Good morning! It’s James Keller in Calgary.
Alberta’s United Conservative Party government delivered a budget this week that defied expectations and painted a relatively optimistic picture for the province in the coming years.
There were plenty of signs before the budget that the province’s fortunes had taken a turn. Oil prices have been on a steady downward slide and several banks and outside analysts had downgraded their projections for the province’s economic growth. Unemployment has been hovering above 7 per cent – around where it’s been for two stubborn years.
That led to fears that there would be even deeper cuts than what the government proposed four months ago in its 2019 budget, which introduced steep cuts in some areas, spending freezes in others, and widespread cuts to the public service.
But Finance Minister Travis Toews instead tabled a budget that largely stuck to last year’s plan. Health and education budgets remain flat (which critics have said is the same as a cut) and while there are cuts sprinkled throughout the budget, things don’t look that different from October.
How did the government do that? Largely by betting on oil. The budget predicts a substantial recovery in the oil and gas sector in the next three years, with resource royalties almost returning to where they were before the recession. It predicts strong economic growth and unemployment shrinking to 5.1 per cent.
Getting there will be no small feat. The price of the West Texas Intermediate oil benchmark currently sits around US$45 a barrel. Oil prices have been hit hard by the coronavirus outbreak and there remains global uncertainty about how long those effects will last.
A drop in the price of WTI of just US$1 cuts $355-million from provincial revenues.
The government is also projecting that its corporate tax cut – which will slash the rate from 12 per cent under the previous government to 8 per cent when the cuts are fully implemented – will breathe more life into the economy and, in turn, boost tax revenues.
The GDP growth projections are higher than some private-sector forecasts, and the unemployment rate targets are beyond what both the Conference Board of Canada and Stokes Economics have predicted.
University of Calgary economist Trevor Tombe says he was shocked by the budget’s assumptions, particularly when it comes to oil prices, which are difficult to predict and can fluctuate wildly. He notes that the government didn’t update its economic projections since the last budget in October and in some cases, such as unemployment, the new numbers are more optimistic.
“We’ve been seeing a gradual deterioration of Alberta’s economic conditions and the expectations for growth by many forecasters," he said, noting that there is increasing economic uncertainty around the world.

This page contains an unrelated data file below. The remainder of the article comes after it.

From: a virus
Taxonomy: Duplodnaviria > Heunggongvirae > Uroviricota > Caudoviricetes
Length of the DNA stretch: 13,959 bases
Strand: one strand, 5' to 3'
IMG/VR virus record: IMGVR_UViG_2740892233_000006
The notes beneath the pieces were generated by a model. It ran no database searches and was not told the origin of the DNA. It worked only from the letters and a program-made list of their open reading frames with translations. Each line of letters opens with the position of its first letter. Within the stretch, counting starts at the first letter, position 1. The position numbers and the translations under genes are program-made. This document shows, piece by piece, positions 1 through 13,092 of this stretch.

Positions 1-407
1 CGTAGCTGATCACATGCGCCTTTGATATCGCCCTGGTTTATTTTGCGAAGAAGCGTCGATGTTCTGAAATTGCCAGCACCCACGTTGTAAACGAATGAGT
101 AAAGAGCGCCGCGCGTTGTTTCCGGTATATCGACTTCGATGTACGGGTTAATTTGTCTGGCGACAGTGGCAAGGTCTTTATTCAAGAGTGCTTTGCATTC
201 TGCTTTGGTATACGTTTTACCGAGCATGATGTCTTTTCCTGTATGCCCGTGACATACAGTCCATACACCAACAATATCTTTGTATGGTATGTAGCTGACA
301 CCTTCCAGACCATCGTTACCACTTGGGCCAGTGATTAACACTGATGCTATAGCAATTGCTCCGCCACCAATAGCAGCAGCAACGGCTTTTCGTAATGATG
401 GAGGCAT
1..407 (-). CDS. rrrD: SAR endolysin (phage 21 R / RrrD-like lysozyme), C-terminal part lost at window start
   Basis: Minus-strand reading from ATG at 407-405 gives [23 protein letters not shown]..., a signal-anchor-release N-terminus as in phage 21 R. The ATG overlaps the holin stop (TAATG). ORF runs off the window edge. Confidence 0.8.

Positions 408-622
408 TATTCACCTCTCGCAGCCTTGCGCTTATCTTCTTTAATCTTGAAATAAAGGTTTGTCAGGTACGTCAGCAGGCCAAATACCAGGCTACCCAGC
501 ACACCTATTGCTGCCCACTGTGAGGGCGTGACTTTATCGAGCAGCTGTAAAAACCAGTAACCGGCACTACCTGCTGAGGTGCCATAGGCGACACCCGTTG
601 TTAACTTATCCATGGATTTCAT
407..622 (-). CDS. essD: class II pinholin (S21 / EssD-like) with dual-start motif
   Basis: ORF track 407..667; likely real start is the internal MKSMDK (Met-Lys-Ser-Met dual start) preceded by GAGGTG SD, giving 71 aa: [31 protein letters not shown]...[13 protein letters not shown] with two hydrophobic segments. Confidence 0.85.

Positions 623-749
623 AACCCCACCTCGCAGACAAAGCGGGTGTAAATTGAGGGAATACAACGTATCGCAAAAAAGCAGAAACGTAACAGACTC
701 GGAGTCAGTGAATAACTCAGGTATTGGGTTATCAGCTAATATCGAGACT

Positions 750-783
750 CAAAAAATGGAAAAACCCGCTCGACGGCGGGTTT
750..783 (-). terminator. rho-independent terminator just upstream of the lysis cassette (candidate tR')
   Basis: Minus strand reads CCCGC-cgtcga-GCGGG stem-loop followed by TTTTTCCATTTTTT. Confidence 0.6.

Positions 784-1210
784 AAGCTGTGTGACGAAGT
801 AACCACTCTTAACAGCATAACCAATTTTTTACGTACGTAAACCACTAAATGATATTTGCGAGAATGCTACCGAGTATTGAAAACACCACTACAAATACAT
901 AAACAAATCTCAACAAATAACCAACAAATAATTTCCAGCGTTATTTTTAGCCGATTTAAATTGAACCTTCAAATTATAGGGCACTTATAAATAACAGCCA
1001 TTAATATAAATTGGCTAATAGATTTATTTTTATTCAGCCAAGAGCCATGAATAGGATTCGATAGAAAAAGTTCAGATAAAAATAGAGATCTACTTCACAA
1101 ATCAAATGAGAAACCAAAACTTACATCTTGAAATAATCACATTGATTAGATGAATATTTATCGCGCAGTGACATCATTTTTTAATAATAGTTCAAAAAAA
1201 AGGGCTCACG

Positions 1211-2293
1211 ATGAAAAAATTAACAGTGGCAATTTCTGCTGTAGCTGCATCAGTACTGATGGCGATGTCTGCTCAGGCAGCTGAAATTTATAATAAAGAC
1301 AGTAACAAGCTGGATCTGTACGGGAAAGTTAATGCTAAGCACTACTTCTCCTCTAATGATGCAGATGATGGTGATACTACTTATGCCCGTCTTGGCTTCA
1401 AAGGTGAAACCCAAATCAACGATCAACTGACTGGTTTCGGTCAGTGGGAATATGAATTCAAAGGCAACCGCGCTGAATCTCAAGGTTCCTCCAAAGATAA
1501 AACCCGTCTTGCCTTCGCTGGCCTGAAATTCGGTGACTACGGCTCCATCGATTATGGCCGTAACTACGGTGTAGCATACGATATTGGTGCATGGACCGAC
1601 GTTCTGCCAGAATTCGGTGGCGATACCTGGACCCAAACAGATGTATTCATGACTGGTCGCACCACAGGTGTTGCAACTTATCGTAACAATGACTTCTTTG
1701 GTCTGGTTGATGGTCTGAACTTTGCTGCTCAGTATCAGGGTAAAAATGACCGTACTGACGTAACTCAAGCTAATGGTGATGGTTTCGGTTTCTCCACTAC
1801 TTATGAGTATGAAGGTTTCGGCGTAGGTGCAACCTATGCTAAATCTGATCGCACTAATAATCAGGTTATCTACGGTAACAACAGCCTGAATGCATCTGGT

“It was stunning. I can’t imagine what the explanation is.”
Kelly Cryderman writes that Alberta’s dependence on oil makes it particularly vulnerable to other factors, such as the economic fallout from the coronavirus: "What might have been viewed as a reasonable forecast from the Alberta government just a few weeks ago now feels optimistic. "
Gary Mason says the latest fiscal plan lays bare the quagmire that Alberta finds itself in: “Naturally, this all assumes that projections for the price of oil over that period remain viable. (Insert laugh line here.) The province has ridden the oil and gas roller coaster for so long now it doesn’t know how to get off.”
This is the weekly Western Canada newsletter written by B.C. Editor Wendy Cox and Alberta Bureau Chief James Keller. If you’re reading this on the web, or it was forwarded to you from someone else, you can sign up for it and all Globe newsletters here. This is a new project and we’ll be experimenting as we go, so let us know what you think.
Around the West
WET’SUWET’EN TALKS: Talks among senior government officials and Wet’suwet’en Nation hereditary chiefs aimed at resolving a B.C. pipeline dispute resumed on Friday, with officials striking an optimistic tone amid some signs of rail traffic getting back to normal. The talks, which began on Thursday, followed weeks of disruption that began after police on Feb. 6 started enforcing a court injunction on a B.C. logging road to clear the way to Coastal GasLink work sites.
LONE WOLF: The last time Cheryl Alexander saw the wolf Takaya, his limp body was being carried away from a backyard in Victoria’s high-density neighbourhood of James Bay. His life, just on the edge of the urban environment, offered a rare glimpse into something wild. But our coexistence with these apex predators is uneasy and complex. The end of his story is unknown.
MINING SUIT: The Supreme Court of Canada has ruled that Vancouver-based mining company Nevsun Resources Ltd. can be sued in Canada for alleged human-rights abuses abroad, a decision that is being welcomed by rights activists but broadens the potential legal liability for many Canadian corporations. About four years ago, the Eritreans launched a suit against Vancouver-based zinc and copper miner Nevsun in the lower B.C. court. The plaintiffs alleged that they were subject to forced labour, slavery and torture during the construction of Nevsun’s Bisha mine in the east African country of Eritrea. The allegations have not been proved in court.
GRETA STICKER: RCMP in central Alberta say a decal that appears to show a well-known teenage climate activist in a sexual act is not child pornography. The decal bears the logo of X-Site Energy Services below a cartoon figure seeming to depict 17-year-old Greta Thunberg of Sweden. The company’s general manager, Doug Sparrow, has denied having anything to do with the stickers.